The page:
The saga of our notorious Judge Slagle resumes with newly-discovered information about the first recorded murder in Livingston county in 1853. It was the shotgun killing of an unarmed, banjo player named Benjamin Collins--- by our own Judge Joe Slagle. A highly-biased account of this incident was detailed in the 1886 history. It is easily obtainable from your web search engine should you be interested in reading all about it. Unfortunately, this account has been treated as gospel in subsequent retellings of our history over the last 160 years.
As stated in Chapter Two, portions of the “Official 1886 History” were sanctioned by Joe himself and do not match with other reliable sources on certain key facts. The Preface of this book raised concerns from the compilers about conflicting stories from some contributors without specific attribution. Some significant data were distorted or intentionally omitted in the official account:
Joe didn't allow the book include his fifth wife whom he married on May 4,1851 according to Livingston County records. This bride was named Elizabeth Crawford and she was the half sister of Joe's fourth bride that passed away suddenly on 8/7/1849 at age twenty-one. In the 1886 historical account, she was simply called “Miss” Crawford. This lady was also called Elizabeth Crawford! It turns out that their father (Mason Crawford) had thirteen children by his first wife (Polly). After Polly died in 1827, he sired seven more by his second wife (Susan). According to the 1850 census, Mason’s second family lived in Livingston County but then must have moved back to Quincy, Illinois at the time of the murder.
Although he was eventually acquitted of the killing in 1854 at his second trial, Joe didn't get off “Scot Free" as some could surmise from the official history. After the indictment, Joe's first trial was declared in essense a mistrial. Joe subsequently served over a year in the Livingston County jail! A special hearing was held and Joe had two very good friends post a bail of $4000 cash. These rich and powerful men had a current year CPI-adjusted equivalent of $130,000 in their pockets! None of this information was mentioned in the official history.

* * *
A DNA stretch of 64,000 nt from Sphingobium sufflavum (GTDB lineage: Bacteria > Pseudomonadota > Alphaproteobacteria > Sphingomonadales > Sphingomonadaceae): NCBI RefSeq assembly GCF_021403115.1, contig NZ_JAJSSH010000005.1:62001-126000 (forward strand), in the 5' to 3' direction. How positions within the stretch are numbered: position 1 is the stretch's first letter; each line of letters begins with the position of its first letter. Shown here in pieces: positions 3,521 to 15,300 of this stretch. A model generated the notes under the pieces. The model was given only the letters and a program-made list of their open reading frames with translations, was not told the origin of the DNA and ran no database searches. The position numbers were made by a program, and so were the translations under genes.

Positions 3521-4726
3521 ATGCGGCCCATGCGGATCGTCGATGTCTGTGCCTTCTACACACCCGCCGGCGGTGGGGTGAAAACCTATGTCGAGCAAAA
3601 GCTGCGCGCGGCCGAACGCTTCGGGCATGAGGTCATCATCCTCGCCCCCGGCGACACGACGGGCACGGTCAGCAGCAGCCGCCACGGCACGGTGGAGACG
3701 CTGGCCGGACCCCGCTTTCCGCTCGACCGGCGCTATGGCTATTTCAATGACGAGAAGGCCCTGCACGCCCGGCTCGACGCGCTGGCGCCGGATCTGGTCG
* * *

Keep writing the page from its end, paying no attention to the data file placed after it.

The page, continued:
The sister's half-brother (Benjamin Collins) was murdered in cold blood by Joe in early 1853 after he had made repeated, public death threats against Joe’s life on several occasions prior. Mr. Collins was upset because he believed that foul play was involved in the first Elizabeth Crawford’s death in 1849. He may have had legitimate concerns, but he went about it all wrong! Collins probably didn’t own a gun, while Joe packed his shotgun at all times. The history’s account concerning Benjamin's bad character and drinking habits were obtained from court records submitted by Joe's defense attorney-- at his first trial. Benjamin was dead, so there was no rebuttal!
Incidentally, Joe’s defense attorney was arguably the most prominent hero of our county in the nineteenth century; then Captain William O. Slack was a veteran and local hero of the Mexican War of 1848. A few years later General Slack would lead his Livingston County men into the Civil War on the Confederate side. He and many cohorts would die at the Battle of Pea Ridge (Arkansas) in 1861.
There was an interesting Livingston County land transaction recorded in September, 1854 between Elizabeth Crawford II and four men named Collins!
From that point, I found no record of her existence in ensuing years. Note that Joe had been found innocent just months before and had returned to the farm. There was no indication that any children were born of this marriage. Of course, this wife was not buried with her sister.
Once again, in my opinion Joe was hiding something very important. He emptied both barrels of his shotgun into an unarmed banjo player who had decided give up his war of words and to set out for California. A mounted Joe just happened to overtake Collins as he was walking into Chillicothe. I believe Benjamin Collins knew too much about Joe and was most certainly a boastful "loud mouth." A recount of this story written in the local paper fifty years later termed him an ignoramus!
All this information begs an answer to this question: Why would Susan and Mason Crawford allow Joe to marry Elizabeth II if they thought Joe had murdered Elizabeth I a few years prior? I have no answer.
Next up, I will tell you about Joe's sixth and most successful wife--- Charlotte Parent Slagle. I use the term “successful” in that Lottie outlived old Joe by twenty years and was not buried in that spooky cemetery!